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    One of the common criticisms levelled at the traditional mortgage system is that it can be, well, exclusionary. Life does not treat everyone equally and can throw all manner of unusual circumstances at people.

    Failing to fit the ideal standard espoused by banks can lead to a tough situation, rendering people unable to secure finance for their home or business. Self-employed borrowers, credit-impaired borrowers, contract workers, borrowers who have reached their exposure with mortgage insurers – among others – have all found themselves unfairly stung as a result of the rigidity inherent in the current system.

    “The primary challenge is understanding what solutions are available to meet borrowers’ needs and shifting your mindset accordingly” Daniel Carde, Resimac

    Enter specialist loans. Growing in popularity in the wake of the 2008 GFC, specialist loans have a broader risk profile and cater to a wider variety of borrowers. Given the unusual circumstances of 2020, it’s likely that these loans will see another surge in popularity as people look for new ways to secure finance for their homes, businesses and investments. For brokers who aren’t already working with specialist loan providers, now might be a highly opportune time to consider doing so.

    Non-banks' growing market shareDaniel Carde, Resimac’s general manager – distribution, describes specialist loans as “solution-based”: they’re geared towards finding novel solutions for borrowers who find themselves in unusual situations.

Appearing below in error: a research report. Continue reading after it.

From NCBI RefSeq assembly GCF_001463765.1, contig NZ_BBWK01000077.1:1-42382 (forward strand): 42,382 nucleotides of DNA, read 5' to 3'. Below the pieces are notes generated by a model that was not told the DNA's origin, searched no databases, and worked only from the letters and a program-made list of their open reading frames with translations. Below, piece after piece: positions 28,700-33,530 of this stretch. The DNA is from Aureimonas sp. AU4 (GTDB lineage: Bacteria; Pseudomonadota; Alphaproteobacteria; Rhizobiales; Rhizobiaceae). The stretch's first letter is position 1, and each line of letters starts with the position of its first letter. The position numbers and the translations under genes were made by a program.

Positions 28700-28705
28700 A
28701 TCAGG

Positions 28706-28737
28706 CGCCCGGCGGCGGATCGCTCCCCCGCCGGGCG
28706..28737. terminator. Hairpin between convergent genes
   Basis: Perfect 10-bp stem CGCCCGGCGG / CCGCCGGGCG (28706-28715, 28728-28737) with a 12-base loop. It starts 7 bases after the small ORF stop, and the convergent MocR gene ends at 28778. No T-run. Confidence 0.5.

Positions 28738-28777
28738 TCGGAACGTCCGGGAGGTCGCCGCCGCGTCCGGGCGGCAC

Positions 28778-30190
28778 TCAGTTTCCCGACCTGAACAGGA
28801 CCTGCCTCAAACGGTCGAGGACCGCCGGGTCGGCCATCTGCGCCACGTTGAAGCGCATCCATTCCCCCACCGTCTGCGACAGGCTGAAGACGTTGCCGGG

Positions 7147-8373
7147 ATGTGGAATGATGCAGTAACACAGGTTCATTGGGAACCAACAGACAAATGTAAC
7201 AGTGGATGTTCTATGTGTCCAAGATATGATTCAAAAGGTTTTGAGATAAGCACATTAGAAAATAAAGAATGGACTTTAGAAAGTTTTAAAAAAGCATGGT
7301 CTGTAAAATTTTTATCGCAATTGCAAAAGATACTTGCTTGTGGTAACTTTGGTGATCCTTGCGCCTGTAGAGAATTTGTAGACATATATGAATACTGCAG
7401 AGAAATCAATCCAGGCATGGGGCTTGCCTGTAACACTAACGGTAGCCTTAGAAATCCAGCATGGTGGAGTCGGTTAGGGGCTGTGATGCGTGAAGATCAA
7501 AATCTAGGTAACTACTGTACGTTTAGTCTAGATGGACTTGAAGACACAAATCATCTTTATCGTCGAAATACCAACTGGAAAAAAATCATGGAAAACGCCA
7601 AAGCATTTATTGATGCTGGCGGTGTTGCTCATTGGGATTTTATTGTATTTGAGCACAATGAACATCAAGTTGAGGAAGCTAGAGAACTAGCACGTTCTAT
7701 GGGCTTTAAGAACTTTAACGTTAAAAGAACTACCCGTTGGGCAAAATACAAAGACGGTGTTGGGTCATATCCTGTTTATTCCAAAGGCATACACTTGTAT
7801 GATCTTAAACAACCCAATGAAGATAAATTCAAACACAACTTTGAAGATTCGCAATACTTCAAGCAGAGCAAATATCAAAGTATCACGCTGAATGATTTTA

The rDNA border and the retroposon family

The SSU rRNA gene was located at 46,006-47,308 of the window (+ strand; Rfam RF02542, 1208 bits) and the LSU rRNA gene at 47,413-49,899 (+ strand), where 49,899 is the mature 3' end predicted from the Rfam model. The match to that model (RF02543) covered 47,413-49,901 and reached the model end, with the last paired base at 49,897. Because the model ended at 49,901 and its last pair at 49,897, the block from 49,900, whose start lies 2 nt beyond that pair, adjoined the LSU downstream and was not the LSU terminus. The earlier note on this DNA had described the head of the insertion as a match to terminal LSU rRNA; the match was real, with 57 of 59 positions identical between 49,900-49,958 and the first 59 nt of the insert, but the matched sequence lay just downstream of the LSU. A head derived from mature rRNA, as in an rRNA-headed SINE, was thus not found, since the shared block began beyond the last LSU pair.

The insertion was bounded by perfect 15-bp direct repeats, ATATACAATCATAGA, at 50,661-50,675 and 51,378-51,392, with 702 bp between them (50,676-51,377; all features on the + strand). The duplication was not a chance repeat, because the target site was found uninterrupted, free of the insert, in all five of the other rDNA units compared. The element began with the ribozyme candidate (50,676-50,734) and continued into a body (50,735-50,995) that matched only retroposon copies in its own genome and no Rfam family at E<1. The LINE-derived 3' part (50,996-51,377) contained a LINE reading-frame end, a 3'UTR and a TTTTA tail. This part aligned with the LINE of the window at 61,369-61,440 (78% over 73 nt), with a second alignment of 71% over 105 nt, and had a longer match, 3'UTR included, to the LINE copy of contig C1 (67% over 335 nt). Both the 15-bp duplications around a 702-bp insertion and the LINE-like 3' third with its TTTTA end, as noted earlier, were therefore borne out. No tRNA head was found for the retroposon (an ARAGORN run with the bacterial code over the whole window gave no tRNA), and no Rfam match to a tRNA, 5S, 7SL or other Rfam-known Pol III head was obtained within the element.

While there has previously been some stigma associated with such loans, Carde notes that this has been changing for some time. Much of the shift in attitude has been driven by changes to traditional loan criteria as lenders grow more conservative in the wake of falling interest rates, along with a host of other economic factors. As the idea of a ‘traditional’ borrower shifts, the market needs to adjust accordingly to accommodate the new breed of borrowers.

    “Really, specialist loans cater to any borrower who may fall outside traditional banks’ or lenders’ mortgage insurance guidelines,” Carde explains. “It’s a common misconception that this applies solely to impaired borrowers, but that’s just not true. Many of the specialist loans that we write are for self-employed people, or for borrowers that we classify as being ‘clear’ credit.”

    The key to offering these loans is understanding the client scenario you’re trying to solve, notes Carde. It’s crucial for borrowers and brokers alike to understand and recognise that a specialist loan can be a ‘point in time’ lending solution – the borrower may qualify for a prime loan down the track, and refi nancing may be possible.

    “Brokers need to be able to take their borrower on a journey to help them understand why they don’t qualify for a prime loan at that point in time,” says Carde.

    “How and why will a specialist loan provide the solution to that client scenario? It could be a larger loan, with an attendant larger loan-to-valuation ratio, or a shorter-term solution for a client who is on their path back to prime lending.”

    Carde believes that brokers should be confident about being able to provide specialist loans. The lending criteria are essentially the same as for prime loans; the fundamentals of serviceability, security and suitability do not change.

    “Specialist loans are also assessed in accordance with responsible lending guide-lines,” says Carde. “Given the ever-shifting borrower landscape, off ering specialist lending gives the broker the opportunity to help more borrowers more of the time.”